Major rehab works for troubled Skeldon sugar factory

Major rehabilitation works including the redesigning and re-engineering of several aspects of the troubled multi-million dollar Skeldon Sugar factory are being planned and the Guyana Sugar Corporation (GuySuCo) anticipates a significant increase in production at the factory next year.

According to a statement from GuySuCo on Monday, the entity is working with reputable international engineering experts and technical professionals in the area of diffusion technology as well as agricultural specialists and has identified the major factors that are preventing the estate from reaching its full potential and design capacity. In September last year, the corporation had  noted that a South African firm was assisting the entity in making the factory fully operable.

According to GuySuCo, the projects identified at the factory include, re-engineering the bagasse feed system, redesigning the cane conveyers, drilling of a new well, the replacement of a 5MW alternator as well as the modification of the pump dumpers.

The corporation will also build a section of an all-weather road as well as upgrade the drainage and water management system at the estate. Additional lands will also be converted for mechanized harvesting.

GuySuCo noted that its board members and management have been engaging the two unions, GAWU and NAACIE and workers representatives and they discussed a number of issues including the bolstering of production as well as the aforementioned rehabilitation projects at Skeldon.

The corporation stated that additional projects are anticipated during next year to significantly increase production.

The US$200M Skeldon sugar factory was unveiled by the government to boost production to 300,000 tonnes and over per annum, however the factory was plagued by numerous problems from the very start. The Skeldon factory was built by China National Technology Import and Export Corp (CNTIC) in what was meant to be a turn key project.

Work on the factory began in 2005 and it was expected that the project would have been completed by October 2007. The commissioning date was pushed back several times until the end of 2008. The turn key contract would have seen GuySuCo taking charge of its running after the commissioning. However, CNTIC remained on site trying to fix serious problems that arose.

The GuySuCo statement on Monday did not address at all what CNTIC’s role in these major works will be and why major redesigning and re-engineering was needed so soon after the commissioning of this flagship factory. Industry experts have said that CNTIC should have faced a range of penalties because of the late delivery of the project and should have had liquidated damages applied against it. Thus far, GuySuCo has not said what penalties, if any, have been applied against the Chinese company. There has been no information also on what its present role at Skeldon is. When CNTIC was chosen questions had been raised about its suitability as it was the first time it was building a factory of this type.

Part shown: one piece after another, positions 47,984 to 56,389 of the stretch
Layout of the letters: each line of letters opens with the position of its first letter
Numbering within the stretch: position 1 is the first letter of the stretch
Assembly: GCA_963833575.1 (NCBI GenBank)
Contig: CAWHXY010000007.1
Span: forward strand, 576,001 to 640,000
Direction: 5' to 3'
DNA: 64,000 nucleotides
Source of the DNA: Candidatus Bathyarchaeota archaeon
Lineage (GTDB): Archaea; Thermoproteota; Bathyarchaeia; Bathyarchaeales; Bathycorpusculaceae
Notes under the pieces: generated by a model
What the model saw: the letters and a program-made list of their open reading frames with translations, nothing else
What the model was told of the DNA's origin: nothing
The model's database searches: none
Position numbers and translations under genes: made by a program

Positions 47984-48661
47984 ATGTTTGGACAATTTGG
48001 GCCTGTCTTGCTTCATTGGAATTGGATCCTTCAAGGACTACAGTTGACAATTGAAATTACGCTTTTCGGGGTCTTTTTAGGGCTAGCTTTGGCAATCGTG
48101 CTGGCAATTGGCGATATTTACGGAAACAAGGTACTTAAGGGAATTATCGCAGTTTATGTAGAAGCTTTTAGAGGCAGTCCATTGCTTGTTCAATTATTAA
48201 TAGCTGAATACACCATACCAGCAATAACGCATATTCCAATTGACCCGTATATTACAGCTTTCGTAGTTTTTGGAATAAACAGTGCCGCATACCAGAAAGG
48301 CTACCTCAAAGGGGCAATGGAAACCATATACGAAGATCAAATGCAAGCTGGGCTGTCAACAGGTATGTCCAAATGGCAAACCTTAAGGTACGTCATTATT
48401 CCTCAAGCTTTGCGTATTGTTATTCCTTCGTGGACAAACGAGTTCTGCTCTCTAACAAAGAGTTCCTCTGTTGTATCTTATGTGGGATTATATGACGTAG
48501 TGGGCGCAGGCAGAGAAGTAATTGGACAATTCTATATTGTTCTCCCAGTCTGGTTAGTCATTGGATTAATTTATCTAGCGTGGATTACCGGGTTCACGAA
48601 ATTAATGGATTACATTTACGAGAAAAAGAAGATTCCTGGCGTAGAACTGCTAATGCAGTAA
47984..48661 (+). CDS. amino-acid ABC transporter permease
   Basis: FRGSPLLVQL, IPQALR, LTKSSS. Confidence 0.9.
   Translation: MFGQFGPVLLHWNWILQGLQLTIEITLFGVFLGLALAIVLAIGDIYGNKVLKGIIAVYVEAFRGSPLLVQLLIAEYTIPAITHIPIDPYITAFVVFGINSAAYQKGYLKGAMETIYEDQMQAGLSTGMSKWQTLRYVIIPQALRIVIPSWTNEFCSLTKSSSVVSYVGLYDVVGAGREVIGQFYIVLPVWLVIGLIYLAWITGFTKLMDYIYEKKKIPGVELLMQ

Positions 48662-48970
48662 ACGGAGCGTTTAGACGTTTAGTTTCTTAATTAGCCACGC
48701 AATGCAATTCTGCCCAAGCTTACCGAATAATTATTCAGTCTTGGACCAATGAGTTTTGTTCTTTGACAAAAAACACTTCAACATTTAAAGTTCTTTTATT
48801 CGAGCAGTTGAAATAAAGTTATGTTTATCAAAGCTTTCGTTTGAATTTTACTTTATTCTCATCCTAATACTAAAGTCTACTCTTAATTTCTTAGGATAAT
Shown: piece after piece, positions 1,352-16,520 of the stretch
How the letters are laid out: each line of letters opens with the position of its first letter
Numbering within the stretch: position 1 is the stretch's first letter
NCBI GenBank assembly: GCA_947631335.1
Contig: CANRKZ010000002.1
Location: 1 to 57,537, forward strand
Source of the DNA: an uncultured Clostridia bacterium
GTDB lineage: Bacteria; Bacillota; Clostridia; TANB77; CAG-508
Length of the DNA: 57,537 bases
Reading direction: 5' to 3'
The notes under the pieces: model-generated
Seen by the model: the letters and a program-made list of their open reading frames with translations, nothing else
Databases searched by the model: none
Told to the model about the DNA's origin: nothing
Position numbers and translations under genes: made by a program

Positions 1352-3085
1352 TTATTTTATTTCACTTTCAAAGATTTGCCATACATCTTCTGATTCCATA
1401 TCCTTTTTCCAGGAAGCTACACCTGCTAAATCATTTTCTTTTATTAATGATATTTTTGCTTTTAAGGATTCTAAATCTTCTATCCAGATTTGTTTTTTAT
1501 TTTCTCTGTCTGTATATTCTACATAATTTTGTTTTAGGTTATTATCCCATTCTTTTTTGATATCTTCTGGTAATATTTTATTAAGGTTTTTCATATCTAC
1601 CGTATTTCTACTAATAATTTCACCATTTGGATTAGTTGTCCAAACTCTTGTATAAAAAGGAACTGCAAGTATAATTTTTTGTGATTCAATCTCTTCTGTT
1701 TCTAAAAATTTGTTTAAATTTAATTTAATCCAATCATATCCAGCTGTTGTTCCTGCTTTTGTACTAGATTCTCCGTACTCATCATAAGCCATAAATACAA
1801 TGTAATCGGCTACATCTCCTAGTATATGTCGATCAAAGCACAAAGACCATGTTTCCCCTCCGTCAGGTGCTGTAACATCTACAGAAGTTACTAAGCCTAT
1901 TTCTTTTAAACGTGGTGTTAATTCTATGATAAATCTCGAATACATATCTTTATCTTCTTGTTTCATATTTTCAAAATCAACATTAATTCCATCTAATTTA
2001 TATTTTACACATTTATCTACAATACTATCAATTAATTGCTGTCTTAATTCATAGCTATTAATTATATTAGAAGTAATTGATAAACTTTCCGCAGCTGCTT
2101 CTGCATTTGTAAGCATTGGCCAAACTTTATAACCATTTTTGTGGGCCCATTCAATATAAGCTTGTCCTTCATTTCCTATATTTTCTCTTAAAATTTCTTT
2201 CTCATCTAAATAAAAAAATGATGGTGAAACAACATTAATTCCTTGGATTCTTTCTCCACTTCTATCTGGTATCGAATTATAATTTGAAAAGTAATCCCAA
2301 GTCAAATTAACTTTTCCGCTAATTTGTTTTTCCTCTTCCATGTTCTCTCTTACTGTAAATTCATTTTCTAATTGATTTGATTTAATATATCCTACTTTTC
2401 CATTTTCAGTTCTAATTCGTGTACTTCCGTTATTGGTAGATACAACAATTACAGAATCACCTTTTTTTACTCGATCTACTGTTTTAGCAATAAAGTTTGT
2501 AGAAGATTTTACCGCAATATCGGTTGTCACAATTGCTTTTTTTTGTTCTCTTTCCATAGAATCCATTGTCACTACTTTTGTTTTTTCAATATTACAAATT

Before he demitted office, President Bharrat Jagdeo had vowed to take a personal interest in resolving the problems at Skeldon but it is unclear what actual steps he had taken.

The situation also took a dramatic turn on August 19, 2011 when then Minister of Agriculture Robert Persaud declared that GuySuCo did not have the competence to run the troubled Skeldon factory and he urged the corporation to speed up consideration of proposals by Indian and Chinese companies to run it.

It was a stunning admission by Persaud, in the wake of the government’s dismissal of Booker-Tate from management of the industry several years ago and their contention that GuySuCo would be able to run the much-vaunted Skeldon factory.

Persaud’s appeal for the consideration of Indian and Chinese proposals did not proceed further after questions were raised as to whether a management contract for the Skeldon factory had been put out to international tender.

At the moment current sugar production figures stand at approximately 50,000 tonnes, a figure which is less than at the corresponding period last year, industry sources say.

The parliamentary opposition is likely to take an even deeper interest in the affairs of GuySuCo now that it has control over Parliament.

Notice has been served that APNU MP Dr Rupert Roopnaraine will be asking at an upcoming session of Parliament questions about the Skeldon factory and other industry matters.
The questions are:

(i) Can the Minister say when was the last Annual Report of GUYSUCO tabled in the National Assembly?

(ii) Will the Minister make available the most recent audited accounts of GUYSUCO as a matter of urgency?

(iii) Will the Minister make available the relevant documentation related to the announced financial release by the EU aimed to assisting in the upgrading/diversifying of the sugar industry?  Will he specifically provide the number of amounts of funds released and identify the projects in and outside the industry which benefited from these EU funds, and the related values?

(iv) Will the Minister make available a copy of the current Strategic Turnaround Plan which is touted to inform GUYSUCO’s current operational programmes?

(v) Will the Minister make an explicit declaration regarding the existing defects of the Skeldon factory as well as the resources needed, and being utilized, to remedy these defects, specifying the deadlines set?

Monday’s GuySuCo press release did not attach a cost to the Skeldon works to be done or how it will be financed. This year’s budget announced a large outlay to help the cash-strapped industry.

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